Balts go to Japan

  • 2001-09-13
  • Ilze Arklina
RIGA - Government officials and business people from the Baltic states are currently flocking to Japan with a view to strengthening ties which go back at least as far as the restoration of the Baltics' independence 10 years ago.

More specifically they aim to lure Japanese companies into the Baltics with assurances of a ready supply of cheap but skilled labor.

From Sept. 18 to 21 an exhibition of Baltic goods will be held in Tokyo on the initiative of Jetro, Japan's state-run foreign trade organization. Latvia, Lithuania and Estonia will each have 80 square meters to display their products.

"The goal is to promote exports and attract Japanese investment," said Andris Alksnis, head of export promotion at the Latvian Development Agency.

With outdoor advertising and posters in the Tokyo metro the exhibition has been well publicized. Jetro has also made a film about the Baltic states for broadcast in Japan. Among those interviewed are officials and potential exporters.

The Tokyo exhibition is one of the biggest export promotion projects undertaken by the Baltic states outside Europe. Although the Latvian Development Agency takes part in three or four exhibitions per year, its main experience is of working in Germany, Britain and Switzerland.

Alksnis said the agency lacks the financial resources to promote exports abroad. "For a few years the PHARE program provided support for training our employees and preparing development and financial plans. That money is no longer available so although we are prepared to work, the state gives us nothing for export promotion."

In 2001 the agency closed its representative offices in Frankfurt and London, leaving only those offices abroad which work for free. Despite such setbacks, Alksnis is determined to make a success of the Tokyo exhibition. "Although it is very difficult to impress the Japanese with anything, we have a few innovative products which might interest them. It is in our strategic interest to invite big Japanese companies operating in Europe to place orders in Latvia. Latvia offers cheap labor, a favorable investment climate and a stable national currency."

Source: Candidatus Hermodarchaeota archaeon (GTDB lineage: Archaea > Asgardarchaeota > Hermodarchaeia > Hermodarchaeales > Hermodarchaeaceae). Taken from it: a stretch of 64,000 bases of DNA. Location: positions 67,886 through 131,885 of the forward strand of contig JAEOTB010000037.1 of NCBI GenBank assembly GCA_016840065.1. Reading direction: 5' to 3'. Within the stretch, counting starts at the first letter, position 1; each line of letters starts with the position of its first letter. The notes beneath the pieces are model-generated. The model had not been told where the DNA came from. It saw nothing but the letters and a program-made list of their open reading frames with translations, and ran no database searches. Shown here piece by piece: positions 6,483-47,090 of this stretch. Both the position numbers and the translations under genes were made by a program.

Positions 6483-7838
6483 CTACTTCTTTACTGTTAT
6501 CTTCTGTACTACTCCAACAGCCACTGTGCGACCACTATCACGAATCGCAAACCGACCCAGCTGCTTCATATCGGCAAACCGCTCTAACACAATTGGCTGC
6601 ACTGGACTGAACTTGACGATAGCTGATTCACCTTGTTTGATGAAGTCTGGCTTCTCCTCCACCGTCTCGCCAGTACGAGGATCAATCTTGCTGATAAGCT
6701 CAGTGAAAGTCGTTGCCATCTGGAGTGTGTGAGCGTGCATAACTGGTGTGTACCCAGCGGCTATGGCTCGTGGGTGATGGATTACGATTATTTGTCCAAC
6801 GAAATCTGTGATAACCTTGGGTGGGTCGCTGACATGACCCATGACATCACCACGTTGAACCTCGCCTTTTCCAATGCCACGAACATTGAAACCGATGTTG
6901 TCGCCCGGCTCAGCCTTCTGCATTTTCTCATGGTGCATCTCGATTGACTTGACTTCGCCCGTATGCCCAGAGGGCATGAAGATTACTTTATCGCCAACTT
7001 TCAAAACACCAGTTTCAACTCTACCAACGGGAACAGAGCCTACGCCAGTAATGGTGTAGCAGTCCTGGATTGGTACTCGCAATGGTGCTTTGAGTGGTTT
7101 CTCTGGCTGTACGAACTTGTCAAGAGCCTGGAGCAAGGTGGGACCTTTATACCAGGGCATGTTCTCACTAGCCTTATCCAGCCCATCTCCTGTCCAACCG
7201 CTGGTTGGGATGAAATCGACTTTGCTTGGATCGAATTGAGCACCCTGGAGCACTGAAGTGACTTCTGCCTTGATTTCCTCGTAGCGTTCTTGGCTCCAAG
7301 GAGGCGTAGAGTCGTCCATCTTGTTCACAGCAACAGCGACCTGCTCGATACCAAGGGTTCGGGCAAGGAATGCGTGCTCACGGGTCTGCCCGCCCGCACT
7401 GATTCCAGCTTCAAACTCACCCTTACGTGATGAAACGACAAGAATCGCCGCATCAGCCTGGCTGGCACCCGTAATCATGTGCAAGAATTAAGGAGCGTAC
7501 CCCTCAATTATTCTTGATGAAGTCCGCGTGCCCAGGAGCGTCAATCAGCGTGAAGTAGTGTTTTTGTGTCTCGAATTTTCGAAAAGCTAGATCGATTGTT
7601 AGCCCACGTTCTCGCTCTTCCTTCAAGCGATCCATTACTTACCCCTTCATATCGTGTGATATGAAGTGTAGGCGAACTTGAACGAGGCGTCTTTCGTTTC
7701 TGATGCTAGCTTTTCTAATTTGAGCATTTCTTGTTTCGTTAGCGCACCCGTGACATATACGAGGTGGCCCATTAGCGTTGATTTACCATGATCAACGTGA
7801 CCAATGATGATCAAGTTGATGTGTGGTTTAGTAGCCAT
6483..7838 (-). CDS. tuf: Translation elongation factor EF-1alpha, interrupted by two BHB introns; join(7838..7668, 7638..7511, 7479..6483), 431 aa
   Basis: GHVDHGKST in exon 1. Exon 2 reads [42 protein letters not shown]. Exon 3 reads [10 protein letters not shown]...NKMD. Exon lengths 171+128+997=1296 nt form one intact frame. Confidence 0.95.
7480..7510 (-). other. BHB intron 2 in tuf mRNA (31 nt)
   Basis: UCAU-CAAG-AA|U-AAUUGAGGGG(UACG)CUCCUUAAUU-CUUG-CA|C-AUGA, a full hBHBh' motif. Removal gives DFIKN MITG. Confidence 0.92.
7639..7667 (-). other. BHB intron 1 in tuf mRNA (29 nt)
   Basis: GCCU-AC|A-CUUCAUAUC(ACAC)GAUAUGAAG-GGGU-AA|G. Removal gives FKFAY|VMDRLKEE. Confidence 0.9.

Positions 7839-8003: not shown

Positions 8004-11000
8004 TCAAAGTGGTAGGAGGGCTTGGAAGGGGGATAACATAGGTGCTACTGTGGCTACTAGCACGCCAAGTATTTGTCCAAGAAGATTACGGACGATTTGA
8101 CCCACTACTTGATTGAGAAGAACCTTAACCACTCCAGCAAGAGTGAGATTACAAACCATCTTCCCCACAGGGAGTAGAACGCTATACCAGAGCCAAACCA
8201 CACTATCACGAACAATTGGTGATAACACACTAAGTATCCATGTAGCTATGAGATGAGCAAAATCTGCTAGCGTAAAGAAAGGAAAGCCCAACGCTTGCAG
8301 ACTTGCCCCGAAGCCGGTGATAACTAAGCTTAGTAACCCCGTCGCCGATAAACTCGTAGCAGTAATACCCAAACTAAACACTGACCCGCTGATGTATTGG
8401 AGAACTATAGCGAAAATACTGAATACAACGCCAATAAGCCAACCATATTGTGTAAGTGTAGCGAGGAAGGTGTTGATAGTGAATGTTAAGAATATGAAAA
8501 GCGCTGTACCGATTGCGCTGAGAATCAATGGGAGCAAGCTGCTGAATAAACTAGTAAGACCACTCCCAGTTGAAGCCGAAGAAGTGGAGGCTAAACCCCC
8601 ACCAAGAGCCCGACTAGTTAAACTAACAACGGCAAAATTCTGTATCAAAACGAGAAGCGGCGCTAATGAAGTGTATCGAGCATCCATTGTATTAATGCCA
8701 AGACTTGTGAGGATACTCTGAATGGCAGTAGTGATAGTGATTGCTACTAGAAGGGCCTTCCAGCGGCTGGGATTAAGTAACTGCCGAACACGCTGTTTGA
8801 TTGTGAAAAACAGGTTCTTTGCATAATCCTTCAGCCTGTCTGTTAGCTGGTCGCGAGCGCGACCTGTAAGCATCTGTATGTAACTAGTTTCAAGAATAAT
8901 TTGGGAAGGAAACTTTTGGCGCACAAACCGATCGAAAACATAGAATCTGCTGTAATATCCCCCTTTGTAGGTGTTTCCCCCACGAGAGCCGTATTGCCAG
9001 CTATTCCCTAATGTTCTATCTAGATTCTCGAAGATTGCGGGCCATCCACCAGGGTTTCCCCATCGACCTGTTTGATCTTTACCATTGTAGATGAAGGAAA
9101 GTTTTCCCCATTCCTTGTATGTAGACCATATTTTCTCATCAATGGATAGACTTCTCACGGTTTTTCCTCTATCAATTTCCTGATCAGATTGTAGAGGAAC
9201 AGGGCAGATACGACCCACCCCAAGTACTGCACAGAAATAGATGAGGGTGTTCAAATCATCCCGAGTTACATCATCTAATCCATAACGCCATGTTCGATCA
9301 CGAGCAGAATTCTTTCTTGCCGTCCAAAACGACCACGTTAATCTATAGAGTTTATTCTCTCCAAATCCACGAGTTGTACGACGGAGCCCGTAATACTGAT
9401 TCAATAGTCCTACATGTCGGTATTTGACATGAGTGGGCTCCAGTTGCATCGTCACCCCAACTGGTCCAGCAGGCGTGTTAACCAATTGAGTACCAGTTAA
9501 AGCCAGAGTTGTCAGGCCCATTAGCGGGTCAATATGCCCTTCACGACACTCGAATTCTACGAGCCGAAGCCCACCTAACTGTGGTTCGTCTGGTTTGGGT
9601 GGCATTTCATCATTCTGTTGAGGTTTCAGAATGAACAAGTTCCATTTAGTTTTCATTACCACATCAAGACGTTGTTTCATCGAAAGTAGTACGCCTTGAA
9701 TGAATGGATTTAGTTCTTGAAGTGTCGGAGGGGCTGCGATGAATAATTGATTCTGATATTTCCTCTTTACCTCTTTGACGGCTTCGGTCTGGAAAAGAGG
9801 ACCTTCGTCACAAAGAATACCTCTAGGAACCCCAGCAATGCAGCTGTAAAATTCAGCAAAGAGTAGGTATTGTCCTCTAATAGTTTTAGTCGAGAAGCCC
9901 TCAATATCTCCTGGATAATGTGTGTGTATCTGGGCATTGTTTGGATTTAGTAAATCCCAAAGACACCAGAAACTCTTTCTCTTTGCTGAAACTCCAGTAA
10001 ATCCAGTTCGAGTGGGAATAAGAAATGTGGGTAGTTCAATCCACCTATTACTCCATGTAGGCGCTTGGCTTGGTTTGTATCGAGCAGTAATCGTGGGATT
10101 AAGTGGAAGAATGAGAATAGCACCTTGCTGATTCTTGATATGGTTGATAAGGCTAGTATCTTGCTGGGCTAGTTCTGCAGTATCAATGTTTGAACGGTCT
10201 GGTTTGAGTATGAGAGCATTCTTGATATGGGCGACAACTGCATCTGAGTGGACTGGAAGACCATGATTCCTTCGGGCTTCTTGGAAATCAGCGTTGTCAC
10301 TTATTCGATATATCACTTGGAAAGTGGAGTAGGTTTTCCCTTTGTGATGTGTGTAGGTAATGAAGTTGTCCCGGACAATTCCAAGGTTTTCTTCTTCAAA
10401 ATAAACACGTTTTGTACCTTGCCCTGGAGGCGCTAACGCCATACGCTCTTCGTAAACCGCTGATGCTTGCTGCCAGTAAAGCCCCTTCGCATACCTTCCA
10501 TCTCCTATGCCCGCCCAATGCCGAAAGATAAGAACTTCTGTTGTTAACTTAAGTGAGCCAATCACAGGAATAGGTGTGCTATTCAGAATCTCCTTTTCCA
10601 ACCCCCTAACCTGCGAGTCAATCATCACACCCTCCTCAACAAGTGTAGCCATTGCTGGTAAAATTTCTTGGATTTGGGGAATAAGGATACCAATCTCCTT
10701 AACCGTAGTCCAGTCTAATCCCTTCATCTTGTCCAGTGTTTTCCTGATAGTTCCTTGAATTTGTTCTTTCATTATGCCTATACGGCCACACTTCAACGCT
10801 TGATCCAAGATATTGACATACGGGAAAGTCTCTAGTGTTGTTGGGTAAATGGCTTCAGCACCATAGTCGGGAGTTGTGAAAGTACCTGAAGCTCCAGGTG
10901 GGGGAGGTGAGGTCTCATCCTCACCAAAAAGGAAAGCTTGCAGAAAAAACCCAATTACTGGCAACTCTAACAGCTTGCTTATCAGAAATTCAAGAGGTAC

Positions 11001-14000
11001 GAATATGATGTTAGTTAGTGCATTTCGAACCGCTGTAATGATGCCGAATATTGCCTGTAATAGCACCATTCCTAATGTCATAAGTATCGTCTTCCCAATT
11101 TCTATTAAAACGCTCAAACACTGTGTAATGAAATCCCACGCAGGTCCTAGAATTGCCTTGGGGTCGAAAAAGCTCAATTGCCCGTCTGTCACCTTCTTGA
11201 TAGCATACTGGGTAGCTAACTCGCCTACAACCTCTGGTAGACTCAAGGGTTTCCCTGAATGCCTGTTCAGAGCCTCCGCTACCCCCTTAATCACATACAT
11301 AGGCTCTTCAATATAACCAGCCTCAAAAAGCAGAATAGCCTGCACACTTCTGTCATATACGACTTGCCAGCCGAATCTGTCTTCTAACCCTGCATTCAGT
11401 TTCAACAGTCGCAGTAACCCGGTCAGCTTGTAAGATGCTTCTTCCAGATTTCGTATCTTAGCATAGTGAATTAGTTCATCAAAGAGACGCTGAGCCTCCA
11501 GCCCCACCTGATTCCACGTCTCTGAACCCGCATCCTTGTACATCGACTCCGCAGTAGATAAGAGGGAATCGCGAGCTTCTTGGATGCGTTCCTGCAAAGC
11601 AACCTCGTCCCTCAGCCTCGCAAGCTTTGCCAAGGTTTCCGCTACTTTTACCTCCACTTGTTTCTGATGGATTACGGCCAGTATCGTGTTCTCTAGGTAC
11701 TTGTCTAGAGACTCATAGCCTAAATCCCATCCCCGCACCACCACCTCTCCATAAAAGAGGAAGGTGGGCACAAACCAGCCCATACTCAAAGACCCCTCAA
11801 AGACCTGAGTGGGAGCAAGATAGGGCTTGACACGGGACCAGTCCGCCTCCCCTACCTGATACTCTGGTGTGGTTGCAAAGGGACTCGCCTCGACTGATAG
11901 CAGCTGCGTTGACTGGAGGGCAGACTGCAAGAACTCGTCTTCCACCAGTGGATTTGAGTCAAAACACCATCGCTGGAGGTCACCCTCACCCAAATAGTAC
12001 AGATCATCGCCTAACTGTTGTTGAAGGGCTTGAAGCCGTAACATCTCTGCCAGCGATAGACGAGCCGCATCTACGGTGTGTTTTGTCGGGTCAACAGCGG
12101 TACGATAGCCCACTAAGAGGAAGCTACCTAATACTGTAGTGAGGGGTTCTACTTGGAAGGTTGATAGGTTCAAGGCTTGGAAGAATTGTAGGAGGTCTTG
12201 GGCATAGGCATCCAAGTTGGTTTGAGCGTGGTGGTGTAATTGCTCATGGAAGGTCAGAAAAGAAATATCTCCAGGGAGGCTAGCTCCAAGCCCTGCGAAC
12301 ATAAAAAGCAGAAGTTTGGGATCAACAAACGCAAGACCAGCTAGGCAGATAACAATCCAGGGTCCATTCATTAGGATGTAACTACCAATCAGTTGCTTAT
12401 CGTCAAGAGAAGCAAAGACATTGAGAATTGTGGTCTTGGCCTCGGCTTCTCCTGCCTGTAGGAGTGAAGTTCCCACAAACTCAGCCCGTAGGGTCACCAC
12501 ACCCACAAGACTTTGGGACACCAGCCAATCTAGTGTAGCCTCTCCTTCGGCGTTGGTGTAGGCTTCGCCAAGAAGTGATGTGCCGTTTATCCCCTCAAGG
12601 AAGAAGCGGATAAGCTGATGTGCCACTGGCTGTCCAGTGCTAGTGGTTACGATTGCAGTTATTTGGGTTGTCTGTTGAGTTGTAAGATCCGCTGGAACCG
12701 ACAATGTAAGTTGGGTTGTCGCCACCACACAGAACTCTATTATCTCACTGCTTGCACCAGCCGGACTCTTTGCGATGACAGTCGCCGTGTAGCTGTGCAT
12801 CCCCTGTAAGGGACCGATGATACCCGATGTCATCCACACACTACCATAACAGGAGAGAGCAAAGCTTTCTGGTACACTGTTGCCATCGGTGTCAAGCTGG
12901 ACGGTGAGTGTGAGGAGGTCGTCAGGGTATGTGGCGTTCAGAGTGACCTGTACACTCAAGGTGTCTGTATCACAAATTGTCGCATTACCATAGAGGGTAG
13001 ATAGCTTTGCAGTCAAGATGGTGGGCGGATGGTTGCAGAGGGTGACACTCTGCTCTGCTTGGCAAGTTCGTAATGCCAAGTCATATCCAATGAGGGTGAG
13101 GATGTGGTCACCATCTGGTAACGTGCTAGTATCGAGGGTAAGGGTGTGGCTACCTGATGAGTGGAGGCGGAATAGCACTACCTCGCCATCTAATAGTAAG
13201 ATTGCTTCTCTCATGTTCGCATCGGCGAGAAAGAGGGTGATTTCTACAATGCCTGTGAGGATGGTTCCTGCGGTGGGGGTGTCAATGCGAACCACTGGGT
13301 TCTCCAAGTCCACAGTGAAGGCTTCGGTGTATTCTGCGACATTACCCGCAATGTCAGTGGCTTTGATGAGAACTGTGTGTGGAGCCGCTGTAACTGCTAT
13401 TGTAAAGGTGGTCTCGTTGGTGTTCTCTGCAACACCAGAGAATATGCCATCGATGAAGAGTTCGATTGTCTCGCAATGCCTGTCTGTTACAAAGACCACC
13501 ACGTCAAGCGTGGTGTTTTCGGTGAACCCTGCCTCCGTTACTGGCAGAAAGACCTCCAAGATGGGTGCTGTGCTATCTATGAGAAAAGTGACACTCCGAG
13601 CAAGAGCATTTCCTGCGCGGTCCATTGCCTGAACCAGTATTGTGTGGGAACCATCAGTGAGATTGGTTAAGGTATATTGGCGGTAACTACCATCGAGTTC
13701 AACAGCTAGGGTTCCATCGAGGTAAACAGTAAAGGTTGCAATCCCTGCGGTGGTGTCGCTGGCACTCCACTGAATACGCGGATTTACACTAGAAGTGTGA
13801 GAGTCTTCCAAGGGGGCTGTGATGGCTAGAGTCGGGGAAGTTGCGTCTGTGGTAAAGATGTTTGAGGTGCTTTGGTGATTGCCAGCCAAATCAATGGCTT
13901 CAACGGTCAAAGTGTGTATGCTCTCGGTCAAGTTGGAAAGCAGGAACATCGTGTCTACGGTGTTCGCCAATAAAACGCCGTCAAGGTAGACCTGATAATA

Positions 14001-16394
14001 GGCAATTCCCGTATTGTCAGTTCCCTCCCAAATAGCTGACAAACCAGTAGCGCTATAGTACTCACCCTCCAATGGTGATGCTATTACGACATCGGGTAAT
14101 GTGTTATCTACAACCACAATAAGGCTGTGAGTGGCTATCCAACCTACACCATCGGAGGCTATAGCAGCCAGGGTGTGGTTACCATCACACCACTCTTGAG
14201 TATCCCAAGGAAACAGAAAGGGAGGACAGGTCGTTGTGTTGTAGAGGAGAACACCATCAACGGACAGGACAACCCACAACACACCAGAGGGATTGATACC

The Latvian delegation will meet with executives from the Japanese electronics giant Sanyo on Sept. 20. But attempts to set up a meeting with representatives of the SONY corporation have failed, said Inguna Berke of the Latvian Economy Ministry.

About 112 Japanese business people have confirmed they will attend a seminar on investment and business opportunities in the Baltics on Sept. 19.

The Latvian and Estonian delegations will be led by their countries' Economy ministers Aigars Kalvitis and Mikhel Parnoja respectively, while the Lithuanian delegation will be led by Deputy Economy Minister Gediminas Rainys.

Latvia's delegation, the largest of the three, includes 25 companies, nine of them from the woodworking and furniture producing sector. Lithuania's delegation includes 16 companies, six of them working in the amber and souvenir trade and three in the textile sector. Other Lithuanian participants include the country's largest electronics producer Vilniaus Vingis, the alcohol producer Alita and the dairy Zemaitijos Pienas. Estonia's delegation includes 10 companies.